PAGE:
Down I went....and there I stopped. I couldn't even get in the parking lot for there were so many cars. The park employees blocked the parking lot off, so all incoming cars had to steer to the left and 'out'....but I managed to squeeze in near by. People...people..... no birds yet, just people. Now, why all of these people? They are not all birders. Sure, the Hawk Watch Platform, as evident by the twisted video, is crowded but not to the degree that the entire parking lot is full. To whom do all of those cars belong to? You mean to tell me that people are so desperate to get out of Philadelphia on a weekend and when they do escape, they come to a parking lot? What? .... I need to take a survey the next time I am down there just to figure that question out.
So, returning to the topic of birding ...I took a quick run at the restroom....then a slow walk to the Hawk Watch Platform. Now, all of us have our designated places to sit in just about anyplace we go. For instance when I attended church, I sat on the right side, about 10 pews in....to the movies, I sit about 5 down in the middle. Well, at the platform here I prefer to sit on the tallest tiered platform, near the Hawk Counters. I find that the people surrounding me fit under two categories up in this section of the platform. They are either newbies and have never seen their first Red Tailed Hawk or, they are Cape May experts who get along real well with the Counters. They form this tight 'club', a bit on the 'condescending side' as they 'call out' in fashion the birds to all of those who seek. Who can spot the bird first? But the real reason for my preferred seating is that these seats have this upper railing to them which allows me to actually sit on the 'back of the seat', lean back....which helps to scan the skies looking for hawks. I find I don't get nearly the neck strain since that back upper railing really adds comfort when leaning back.
Other areas of the platform have equal number of experts I am sure....and plenty of large cameras. One guy was photo'ing a Sharpie and aimed this camouflaged tree trunk upwards to the sky. Being 'camouflaged' didn't exactly pull the bird in closer, but it looked great.
Now....if you ever want to appreciate the Peregrine Falcon, ...wow...come here. For some reason the ability to 'sit' ....and scan the wide expanse, one has more of an appreciation for just how fast this bird is. One of those little guys flew perpendicular to where I was sitting and with naked eyes, I stared in awe. They just 'move'........and because of that, are easily distinguishable from all comers.
A Eurasion WIdgeon was nestled amongst the flock of normal widgeons, attempting to be somewhat inconspicuous. He was not successful. A couple sitting next to me had the opportunity to have the widgeon pointed out to them by a member of the club....a first for them. Bravo....the guy was really helpful to them and that is what we need. New birders learn to enjoy from us.
A Coopers dove in from out of the dunes and chased a tree swallow. Real close, real nice.....
There was this odd man sitting next to me....appeared to be from China. He never looked up at the birds, oh, just once I suppose. He asked me if the birds in the 'kettle' in the sky were all the same. Nah, I said....eagles and hawks intermix with the vultures all the time. That response seemed to satisfy him as he went back to his iPhone. Someone important must have distracted him for a few hours. Not sure.....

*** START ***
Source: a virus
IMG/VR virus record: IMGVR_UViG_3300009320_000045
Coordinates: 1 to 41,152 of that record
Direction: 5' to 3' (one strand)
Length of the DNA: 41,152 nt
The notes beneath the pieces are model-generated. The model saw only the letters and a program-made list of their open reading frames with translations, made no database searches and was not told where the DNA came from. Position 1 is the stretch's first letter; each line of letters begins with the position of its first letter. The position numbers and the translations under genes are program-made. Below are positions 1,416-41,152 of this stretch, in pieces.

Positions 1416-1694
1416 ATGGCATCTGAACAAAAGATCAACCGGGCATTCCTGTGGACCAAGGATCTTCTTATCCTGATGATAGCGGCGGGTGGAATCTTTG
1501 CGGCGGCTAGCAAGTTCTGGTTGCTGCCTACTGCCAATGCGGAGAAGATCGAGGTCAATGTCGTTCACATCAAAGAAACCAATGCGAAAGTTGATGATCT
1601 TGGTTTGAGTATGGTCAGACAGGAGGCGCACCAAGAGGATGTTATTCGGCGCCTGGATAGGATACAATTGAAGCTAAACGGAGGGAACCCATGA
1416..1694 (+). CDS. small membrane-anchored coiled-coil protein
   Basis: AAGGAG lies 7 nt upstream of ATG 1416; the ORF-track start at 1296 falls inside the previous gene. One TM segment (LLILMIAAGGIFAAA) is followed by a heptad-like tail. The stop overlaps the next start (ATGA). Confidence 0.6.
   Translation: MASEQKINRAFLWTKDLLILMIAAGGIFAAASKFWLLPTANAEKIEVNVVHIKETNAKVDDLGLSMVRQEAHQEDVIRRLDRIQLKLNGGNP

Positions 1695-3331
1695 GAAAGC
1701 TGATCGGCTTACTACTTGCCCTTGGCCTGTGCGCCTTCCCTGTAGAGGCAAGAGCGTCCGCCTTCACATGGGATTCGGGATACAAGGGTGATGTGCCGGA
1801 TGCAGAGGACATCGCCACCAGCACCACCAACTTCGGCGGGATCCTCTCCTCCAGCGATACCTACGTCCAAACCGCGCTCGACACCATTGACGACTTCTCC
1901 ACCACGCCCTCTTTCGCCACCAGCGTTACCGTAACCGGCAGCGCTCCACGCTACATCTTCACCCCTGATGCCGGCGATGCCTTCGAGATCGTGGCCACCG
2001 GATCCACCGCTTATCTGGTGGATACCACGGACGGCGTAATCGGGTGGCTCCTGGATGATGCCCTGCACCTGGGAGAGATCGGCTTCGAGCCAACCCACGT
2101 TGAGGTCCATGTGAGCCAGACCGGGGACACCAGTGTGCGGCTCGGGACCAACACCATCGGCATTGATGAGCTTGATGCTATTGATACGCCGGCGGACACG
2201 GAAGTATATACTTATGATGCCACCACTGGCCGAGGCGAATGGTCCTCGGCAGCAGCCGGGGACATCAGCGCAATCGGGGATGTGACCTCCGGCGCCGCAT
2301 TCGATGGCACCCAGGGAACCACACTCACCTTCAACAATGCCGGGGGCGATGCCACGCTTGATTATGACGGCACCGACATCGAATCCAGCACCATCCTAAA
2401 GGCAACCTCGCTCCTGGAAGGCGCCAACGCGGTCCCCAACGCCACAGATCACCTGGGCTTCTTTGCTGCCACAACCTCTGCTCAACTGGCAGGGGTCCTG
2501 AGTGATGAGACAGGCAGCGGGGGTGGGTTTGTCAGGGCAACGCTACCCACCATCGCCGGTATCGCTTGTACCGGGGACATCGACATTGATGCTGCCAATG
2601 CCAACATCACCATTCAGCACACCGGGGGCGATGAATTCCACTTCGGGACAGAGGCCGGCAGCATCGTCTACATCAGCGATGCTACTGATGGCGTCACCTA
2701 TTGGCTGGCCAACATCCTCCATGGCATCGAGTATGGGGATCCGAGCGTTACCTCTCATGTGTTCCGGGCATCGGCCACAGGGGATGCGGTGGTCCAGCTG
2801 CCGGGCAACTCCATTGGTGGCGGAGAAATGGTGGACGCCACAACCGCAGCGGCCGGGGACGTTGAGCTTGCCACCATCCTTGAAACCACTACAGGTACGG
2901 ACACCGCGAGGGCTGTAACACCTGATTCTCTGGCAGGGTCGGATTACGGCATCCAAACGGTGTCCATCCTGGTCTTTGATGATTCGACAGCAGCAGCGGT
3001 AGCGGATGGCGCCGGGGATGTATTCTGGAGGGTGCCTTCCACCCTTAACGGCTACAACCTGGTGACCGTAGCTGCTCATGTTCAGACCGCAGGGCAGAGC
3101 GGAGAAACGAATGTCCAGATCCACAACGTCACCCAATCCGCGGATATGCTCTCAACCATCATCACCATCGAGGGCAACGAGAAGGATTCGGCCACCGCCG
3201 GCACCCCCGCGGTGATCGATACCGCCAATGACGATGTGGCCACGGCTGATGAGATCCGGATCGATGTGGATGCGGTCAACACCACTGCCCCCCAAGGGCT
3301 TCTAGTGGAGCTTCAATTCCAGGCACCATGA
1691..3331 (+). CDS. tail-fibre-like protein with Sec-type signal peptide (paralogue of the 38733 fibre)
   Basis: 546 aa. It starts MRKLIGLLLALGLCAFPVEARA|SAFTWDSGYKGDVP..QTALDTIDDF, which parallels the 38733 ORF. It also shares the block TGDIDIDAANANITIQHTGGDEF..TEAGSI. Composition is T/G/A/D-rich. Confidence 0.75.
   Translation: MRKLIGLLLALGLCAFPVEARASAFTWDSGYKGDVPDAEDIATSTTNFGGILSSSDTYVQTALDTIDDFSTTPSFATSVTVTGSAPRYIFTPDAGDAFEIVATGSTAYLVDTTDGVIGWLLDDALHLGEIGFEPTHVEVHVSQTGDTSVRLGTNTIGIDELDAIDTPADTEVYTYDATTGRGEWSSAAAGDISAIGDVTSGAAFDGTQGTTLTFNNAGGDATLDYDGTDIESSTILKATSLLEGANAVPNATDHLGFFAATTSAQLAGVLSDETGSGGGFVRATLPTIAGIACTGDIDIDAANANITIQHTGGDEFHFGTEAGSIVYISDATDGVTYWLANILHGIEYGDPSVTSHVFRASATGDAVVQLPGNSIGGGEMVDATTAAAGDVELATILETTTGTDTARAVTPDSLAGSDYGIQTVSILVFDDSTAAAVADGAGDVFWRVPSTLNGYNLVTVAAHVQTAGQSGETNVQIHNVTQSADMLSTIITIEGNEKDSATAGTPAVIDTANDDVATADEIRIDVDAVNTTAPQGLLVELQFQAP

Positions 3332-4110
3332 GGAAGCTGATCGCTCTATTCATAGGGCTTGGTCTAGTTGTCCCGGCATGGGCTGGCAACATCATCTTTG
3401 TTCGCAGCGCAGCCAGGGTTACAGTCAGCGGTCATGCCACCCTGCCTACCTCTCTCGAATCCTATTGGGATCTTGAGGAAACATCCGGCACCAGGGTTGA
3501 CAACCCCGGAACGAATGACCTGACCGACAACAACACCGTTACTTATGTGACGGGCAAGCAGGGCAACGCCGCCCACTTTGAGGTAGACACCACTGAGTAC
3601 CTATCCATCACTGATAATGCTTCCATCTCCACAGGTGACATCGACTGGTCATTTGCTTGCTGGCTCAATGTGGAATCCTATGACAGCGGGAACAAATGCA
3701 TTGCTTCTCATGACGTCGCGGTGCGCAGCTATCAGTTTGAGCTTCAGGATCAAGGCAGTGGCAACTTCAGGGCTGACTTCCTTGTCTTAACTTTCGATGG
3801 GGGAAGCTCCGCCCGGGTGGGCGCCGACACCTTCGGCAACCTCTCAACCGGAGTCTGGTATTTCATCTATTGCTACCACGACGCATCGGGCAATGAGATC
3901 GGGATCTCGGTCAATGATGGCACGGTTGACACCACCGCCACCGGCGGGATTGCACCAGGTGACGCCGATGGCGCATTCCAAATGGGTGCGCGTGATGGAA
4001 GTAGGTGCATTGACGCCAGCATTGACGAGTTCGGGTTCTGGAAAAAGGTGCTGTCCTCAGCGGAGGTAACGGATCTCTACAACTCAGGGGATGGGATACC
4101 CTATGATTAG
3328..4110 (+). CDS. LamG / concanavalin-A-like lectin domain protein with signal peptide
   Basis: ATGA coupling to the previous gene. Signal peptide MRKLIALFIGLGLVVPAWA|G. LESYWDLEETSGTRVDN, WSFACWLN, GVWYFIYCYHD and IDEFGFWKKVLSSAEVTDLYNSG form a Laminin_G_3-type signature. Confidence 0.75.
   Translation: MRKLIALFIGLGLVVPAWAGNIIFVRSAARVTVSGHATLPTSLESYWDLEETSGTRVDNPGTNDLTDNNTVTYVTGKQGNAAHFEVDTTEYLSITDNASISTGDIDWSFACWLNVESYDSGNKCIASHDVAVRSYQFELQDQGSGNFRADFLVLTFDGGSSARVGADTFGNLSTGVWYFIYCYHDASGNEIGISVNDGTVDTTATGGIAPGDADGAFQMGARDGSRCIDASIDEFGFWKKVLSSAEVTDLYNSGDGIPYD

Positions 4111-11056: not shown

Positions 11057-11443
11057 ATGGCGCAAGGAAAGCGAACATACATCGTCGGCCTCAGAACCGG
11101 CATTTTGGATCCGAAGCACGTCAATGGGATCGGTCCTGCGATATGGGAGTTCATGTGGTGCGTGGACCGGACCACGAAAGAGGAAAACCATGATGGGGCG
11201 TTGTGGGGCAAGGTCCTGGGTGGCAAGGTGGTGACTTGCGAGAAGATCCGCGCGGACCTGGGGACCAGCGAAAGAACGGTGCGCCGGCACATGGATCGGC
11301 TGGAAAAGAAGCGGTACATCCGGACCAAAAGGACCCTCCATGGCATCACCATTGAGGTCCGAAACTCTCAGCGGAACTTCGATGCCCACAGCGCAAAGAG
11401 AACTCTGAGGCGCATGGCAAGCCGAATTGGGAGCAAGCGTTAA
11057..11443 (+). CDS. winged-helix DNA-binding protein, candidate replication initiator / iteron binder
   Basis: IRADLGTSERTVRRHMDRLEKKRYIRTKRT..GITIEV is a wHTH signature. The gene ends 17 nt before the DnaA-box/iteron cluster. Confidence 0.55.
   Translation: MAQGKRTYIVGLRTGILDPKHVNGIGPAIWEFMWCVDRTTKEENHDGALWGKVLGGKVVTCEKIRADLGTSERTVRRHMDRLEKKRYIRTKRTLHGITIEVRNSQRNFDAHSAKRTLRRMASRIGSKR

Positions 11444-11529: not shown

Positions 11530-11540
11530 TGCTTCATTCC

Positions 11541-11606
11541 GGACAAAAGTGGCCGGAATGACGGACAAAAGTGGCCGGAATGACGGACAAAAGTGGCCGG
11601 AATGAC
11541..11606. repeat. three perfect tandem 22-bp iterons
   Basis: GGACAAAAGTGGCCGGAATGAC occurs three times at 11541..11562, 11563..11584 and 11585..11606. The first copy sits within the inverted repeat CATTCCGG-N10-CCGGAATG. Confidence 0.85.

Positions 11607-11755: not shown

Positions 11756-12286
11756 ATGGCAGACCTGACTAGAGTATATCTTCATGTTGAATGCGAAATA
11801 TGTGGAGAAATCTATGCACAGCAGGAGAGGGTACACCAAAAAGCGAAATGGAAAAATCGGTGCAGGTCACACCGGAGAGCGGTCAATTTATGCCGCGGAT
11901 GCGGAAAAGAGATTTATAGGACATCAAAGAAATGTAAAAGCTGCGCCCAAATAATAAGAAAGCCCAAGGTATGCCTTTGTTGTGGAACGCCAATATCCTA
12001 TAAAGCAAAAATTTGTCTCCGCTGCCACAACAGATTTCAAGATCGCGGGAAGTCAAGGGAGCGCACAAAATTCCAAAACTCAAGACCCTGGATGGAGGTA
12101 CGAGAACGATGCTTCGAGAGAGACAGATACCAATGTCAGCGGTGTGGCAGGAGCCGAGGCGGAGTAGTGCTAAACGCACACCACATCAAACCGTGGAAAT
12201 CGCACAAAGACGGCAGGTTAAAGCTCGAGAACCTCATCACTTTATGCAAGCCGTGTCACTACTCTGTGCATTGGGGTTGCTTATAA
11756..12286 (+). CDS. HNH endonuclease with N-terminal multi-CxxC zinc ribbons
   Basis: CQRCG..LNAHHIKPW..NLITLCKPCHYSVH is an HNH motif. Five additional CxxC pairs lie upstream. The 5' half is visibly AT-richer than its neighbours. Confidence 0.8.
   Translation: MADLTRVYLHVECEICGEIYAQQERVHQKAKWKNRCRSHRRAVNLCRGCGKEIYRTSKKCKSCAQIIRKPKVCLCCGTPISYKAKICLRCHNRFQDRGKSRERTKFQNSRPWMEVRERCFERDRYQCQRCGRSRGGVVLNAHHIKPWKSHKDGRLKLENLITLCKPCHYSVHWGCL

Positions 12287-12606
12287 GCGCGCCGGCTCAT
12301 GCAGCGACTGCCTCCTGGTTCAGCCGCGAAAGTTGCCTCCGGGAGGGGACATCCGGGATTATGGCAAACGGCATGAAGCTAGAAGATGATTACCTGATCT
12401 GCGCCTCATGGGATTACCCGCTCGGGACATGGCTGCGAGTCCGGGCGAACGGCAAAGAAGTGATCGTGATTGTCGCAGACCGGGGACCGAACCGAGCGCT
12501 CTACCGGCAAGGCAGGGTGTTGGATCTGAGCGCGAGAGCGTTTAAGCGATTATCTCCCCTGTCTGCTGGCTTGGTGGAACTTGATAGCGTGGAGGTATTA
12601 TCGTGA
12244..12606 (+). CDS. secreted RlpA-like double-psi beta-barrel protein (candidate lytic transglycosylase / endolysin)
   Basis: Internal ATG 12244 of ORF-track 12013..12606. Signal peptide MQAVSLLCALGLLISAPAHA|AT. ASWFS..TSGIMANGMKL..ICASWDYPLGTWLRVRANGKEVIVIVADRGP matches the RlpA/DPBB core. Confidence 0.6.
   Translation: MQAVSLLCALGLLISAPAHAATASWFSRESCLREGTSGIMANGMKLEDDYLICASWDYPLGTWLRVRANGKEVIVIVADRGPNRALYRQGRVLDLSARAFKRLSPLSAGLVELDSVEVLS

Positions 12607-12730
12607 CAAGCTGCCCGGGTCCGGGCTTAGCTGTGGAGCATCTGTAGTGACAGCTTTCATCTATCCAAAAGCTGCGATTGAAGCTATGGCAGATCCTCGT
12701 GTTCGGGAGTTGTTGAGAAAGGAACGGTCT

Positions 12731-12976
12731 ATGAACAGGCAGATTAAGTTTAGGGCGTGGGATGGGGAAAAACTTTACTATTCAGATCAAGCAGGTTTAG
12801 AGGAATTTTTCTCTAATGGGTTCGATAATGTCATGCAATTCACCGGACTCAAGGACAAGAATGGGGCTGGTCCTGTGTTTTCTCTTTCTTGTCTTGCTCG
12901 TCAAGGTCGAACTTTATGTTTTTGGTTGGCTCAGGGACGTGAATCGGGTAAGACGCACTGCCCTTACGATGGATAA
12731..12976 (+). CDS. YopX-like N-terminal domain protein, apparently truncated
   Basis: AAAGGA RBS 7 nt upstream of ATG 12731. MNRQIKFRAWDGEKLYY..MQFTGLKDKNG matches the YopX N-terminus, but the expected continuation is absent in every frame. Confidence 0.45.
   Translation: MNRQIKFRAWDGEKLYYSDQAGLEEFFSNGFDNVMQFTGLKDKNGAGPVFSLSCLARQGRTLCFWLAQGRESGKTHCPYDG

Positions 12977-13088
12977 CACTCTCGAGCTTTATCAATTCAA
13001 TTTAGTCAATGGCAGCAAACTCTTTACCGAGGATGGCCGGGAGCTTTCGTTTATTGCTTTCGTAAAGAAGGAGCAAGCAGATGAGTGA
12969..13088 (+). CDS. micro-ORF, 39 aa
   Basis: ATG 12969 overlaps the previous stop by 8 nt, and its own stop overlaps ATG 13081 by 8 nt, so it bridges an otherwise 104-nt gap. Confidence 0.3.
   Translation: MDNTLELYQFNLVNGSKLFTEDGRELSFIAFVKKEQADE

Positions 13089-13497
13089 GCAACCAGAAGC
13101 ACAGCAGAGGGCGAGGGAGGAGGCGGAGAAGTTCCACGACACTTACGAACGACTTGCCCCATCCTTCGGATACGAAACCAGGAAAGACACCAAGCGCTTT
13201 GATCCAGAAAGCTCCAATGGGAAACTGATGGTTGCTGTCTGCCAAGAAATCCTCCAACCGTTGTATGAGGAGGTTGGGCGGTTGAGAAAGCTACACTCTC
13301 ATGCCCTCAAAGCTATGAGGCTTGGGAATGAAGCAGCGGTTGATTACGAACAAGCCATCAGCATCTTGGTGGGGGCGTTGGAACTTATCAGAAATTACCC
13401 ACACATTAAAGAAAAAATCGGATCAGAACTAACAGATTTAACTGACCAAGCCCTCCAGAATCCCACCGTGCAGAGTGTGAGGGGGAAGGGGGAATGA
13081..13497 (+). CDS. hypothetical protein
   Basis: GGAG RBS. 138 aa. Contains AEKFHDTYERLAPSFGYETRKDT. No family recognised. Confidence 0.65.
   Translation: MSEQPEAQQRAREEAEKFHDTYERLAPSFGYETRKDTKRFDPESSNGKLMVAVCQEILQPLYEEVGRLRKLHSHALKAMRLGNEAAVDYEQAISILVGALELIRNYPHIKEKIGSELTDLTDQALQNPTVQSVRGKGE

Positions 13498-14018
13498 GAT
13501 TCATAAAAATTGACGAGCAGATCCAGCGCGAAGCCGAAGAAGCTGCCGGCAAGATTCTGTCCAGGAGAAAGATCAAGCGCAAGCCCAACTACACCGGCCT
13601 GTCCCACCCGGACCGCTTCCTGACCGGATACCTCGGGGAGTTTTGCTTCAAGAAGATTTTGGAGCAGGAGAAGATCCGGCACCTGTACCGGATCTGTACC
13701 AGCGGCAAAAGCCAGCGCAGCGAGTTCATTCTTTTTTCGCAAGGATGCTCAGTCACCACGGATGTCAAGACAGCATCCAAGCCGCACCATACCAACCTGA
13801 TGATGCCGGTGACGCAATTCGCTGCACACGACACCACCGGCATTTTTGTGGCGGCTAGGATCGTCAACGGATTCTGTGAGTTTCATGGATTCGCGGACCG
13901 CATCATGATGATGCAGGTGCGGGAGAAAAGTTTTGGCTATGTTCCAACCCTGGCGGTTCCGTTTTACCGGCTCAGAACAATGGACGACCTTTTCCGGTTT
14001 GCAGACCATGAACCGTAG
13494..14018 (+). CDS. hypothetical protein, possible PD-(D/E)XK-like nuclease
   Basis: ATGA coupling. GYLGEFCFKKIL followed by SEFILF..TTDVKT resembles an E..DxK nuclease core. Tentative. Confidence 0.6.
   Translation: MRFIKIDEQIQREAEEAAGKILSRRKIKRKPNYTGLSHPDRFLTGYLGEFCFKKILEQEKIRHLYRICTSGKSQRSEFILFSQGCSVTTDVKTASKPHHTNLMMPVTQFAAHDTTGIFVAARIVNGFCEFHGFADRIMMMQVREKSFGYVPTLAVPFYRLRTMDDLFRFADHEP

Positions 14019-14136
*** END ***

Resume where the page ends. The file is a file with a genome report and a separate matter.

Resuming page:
But a great little comparison between the Red-Shouldered Hawk and the Red-Tailed Hawk took note in the midst of one of those vulture Kettles. A great experience to actually compare and contrast these two often confused species.
The guy in the corner was video-taping all bird sightings. He had this odd little contraption all 'wrapped-up' in some type of plastic cover. He did manage to capture some solid video of Coopers as they flew fairly close to the platform. Bravo to him.
The Black Swan...only one of them from what I could see, just had the neck craned within, and would come out and stretch it, between 15 min segments, giving us all a view. Go there and see this bird, if you haven't already. Of course you can always go to Australia where they are abundant, but today....I didn't have time for that long flight.
Bald Eagles were abundant. At times I could see 3-4 in view. Most of the time they hovered in the distance over in the far trees, never really nearing the platform.
Now...my question is and has always been to these 'counters'...how do you know how many birds you 'actually see' as opposed to how many times the 'same' bird flies by? For instance, the counter said that the Coopers were finally turning the corner and outnumbering the Sharpies....latest count was 188-181 for the day. Okay, fine. That could be. But it could also be 10-9 or 100- 3 or whatever. The point being, how many times did he count the same hawk in that 188-181 latest number count? I guess I couldn't be a 'counter' as I would continually be reflecting upon my counts and if I saw that same bird prior. My counts would be way off from previous years and Cape May would fire me for 'lower numbers'.
But today was a great day for birding...so I hope you had your share of being outside with nature. We need to take advantage of the sun, the 60 something degrees, no wind. etc etc.....